drug addiction recovery nonfiction relationships selfhelp Uncategorized

A Past Life That Keeps Haunting…

God damn… Why can’t I finally catch a break?? The more blessings come my way, the more destruction blocks my path. Sometimes it seems as if my demons are doing everything in their power to drag me back to the life I tried so hard to escape… They are trying to drag me back to my own personal hell.

Maybe if I had this same exact resilience when I was young and inexperienced, I wouldn’t have this problem. I wouldn’t have walked up and down Main St. and called every dealer I knew looking for those blue sources of pleasure and euphoria that eventually lead me to the black tar of death. Or was it the “white China?” I don’t remember the nicknames honestly, all I know is that after years of consecutive pill to body intimacy I had changed. I lost all the values I once had. I became the embodiment of everything I stood against.

See, that’s what drug use does to an addict. The pleasure we get and later chase, as if it was the only source of life we have left, is it’s own kind of fucked up intimacy. Chasing that dragon, and the euphoria we get is comparable to – if not- better (but also worse) than any other pleasure our 5 senses will ever encounter. The only price is a life time of mental trauma and physical blemishes such as bad teeth, our bodies and faces falling apart… Oh! And those painful withdrawals that bring out the worst in us.

I’ve been trying so hard to progress my life ever since I’ve released my first book “The Fruits Of Addiction: A Pernicious Love, ” ever since my son’s mother left me, and ever since I had climbed out of that seemingly never-ending hell, rock bottom. I’m sure I’m not the only person who’s walking on the path of recovery that wants a fresh start. One with no cravings, no whispers, and no mishaps that have us contemplating whether quitting was “worth it” or not.

Before I get any further, let me assure you that quitting is worth it. The life-threatening highs, painful lows and the terrible decisions we contemplate in order to acquire those temporary but severely damaging highs will never be worth the torment that follows. I’ve been realizing that for almost 2 years now. Yes, I’ve had slip-ups, I’m not perfect, and my past life still haunts me. I lie awake wishing death upon myself for ever becoming the piece of shit I am today. I still have fights with people who I owed money to, and I still have to fight for my life. Whether it be dodging bullets or fighting 3-5 people at a time, the past life of a wannabe thug turn drug addict follows closely behind.

At the end of the day, living this life will always end in prison, as an addict on the streets or in a casket. To follow a path of recovery you must love yourself and cherish the very life you may sometimes want to end. But something I learned was that it took my close encounters with death to truly value what living was all about. For a long time, I felt as if my existence was not necessary. I felt that I had no purpose and all I did was hurt those I loved. I wanted to give up. I wanted to die. The many cuts across my torso and forearms did not take my life, but they did leave scars to remind me how weak I once was.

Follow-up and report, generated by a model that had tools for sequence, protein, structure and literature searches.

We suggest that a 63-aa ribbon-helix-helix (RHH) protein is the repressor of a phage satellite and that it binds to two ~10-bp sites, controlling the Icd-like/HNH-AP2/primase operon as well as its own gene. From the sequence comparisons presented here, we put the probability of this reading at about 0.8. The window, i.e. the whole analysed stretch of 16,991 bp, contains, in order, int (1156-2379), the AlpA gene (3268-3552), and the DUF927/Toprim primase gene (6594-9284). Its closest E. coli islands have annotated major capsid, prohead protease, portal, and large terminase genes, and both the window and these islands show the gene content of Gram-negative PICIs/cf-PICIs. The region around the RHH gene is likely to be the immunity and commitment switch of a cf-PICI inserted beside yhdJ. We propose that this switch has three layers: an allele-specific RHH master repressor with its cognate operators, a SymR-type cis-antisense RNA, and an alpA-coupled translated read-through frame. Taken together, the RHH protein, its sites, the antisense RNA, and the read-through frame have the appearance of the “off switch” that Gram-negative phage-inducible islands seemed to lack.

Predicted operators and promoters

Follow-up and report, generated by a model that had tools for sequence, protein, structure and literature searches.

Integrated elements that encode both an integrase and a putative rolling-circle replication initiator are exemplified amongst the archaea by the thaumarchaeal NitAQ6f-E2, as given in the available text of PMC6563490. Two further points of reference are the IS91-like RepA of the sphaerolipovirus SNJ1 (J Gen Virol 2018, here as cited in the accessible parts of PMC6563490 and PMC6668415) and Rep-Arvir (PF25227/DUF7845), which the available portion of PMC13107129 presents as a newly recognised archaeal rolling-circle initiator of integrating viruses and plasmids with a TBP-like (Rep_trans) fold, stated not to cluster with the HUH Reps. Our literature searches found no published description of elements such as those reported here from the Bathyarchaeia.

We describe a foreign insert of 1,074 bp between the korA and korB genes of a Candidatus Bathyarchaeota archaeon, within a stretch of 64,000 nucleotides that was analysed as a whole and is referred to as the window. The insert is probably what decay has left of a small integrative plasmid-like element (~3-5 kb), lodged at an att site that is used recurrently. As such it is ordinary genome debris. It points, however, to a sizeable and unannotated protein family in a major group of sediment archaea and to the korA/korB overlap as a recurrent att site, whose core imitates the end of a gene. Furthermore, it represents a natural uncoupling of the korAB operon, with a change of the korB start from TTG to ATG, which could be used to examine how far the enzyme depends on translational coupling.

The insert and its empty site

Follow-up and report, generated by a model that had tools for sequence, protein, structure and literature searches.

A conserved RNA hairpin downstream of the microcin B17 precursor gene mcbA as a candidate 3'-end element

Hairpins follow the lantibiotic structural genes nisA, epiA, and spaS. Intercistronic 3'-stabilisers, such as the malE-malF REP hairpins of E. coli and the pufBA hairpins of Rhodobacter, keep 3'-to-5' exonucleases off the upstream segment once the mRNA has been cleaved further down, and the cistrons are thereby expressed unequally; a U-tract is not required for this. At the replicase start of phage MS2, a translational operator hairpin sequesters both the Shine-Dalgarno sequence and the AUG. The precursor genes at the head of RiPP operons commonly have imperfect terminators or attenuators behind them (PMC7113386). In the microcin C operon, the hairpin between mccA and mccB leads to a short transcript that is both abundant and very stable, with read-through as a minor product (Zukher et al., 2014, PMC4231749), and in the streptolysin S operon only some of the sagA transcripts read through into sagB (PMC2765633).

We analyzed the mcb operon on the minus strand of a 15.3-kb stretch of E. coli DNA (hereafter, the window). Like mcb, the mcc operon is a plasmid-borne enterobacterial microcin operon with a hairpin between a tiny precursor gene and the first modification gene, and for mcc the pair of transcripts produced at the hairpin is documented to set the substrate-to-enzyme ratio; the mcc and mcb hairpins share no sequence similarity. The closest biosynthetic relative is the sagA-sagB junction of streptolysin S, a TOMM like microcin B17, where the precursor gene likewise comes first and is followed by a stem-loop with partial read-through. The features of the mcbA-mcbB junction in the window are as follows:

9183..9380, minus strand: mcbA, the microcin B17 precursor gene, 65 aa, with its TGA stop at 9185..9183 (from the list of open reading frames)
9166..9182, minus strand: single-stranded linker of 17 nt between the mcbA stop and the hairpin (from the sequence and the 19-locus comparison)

I’ve experienced prison and addiction for a large portion of my life. I now pray I don’t die for a very long time… I learned to love life and I am slowly getting to know myself, but if my time does come then I leave you with another post that will hopefully enlighten those who value self-redemption.

This morning I ate a chocolate – Dove specifically- and in the wrapper had caught my eye. It had something small written inside. Short, simple, and to the point yet it held such a significant meaning that only few will actually reflect upon.

“Always make your past self jealous.”

Sometimes I sit and reflect about how far I’ve gotten but then I digress and think about the trouble I’ve gotten in since then. It seems like I will forever be bound to a life of torment. Shit, it even got to the point where I picked up 9 more charges, most being felonies because of my ALLEGED stupidity and the overly strict laws of MA. The main difference between my current and past self, aside from the paths we walked on, is that my past self NEVER got caught.

I got too comfortable with sobriety. Walking down a straight edge line made me believe that “I was no longer doing whatever I can to get high” so I did not need to be careful with my actions. Of course, all of the bad karma I’ve accumulated over the years are far from done with me, it was time to collect.

I was never a religious individual, how could anyone say that we were crated by a deity that no one has ever seen? Who created THAT deity? I don’t know, it was all unrealistic to me, but I will never judge anyone for having their own faith. I used to believe in God, until God turned his back on me and let me suffer for all of these years. The thing about sobriety is, believing in a higher power is a necessity when walking the path of recovery. I was assed out in that aspect because I did not believe in anything anymore. A “God” who loves us all? Okay so if (he/she/whatever other pronouns) loved me then why would they let people shoot at me and try to kill me? Why would this “God” let anyone threaten to kill my child? What kind of “God” even allows drugs and addiction plague our lives?

All questions I already knew the answer to.

All questions that I was able to contemplate now that I had a clear mind.

That is until the thought of being locked up began to flood that very mind. I was in prison. A place I never thought I would end up. It’s crazy how life works though. Before my arrest, I was working for a prison that held those who were suicide risk and criminally insane. I worked in the nursing department. Funny right? A recovering junkie/suicidal criminal working with those who were exactly like me… those who had the same mental issues as me. Unfortunately it didn’t last too long because one late night and a car search later, I was on the opposite side of the bars.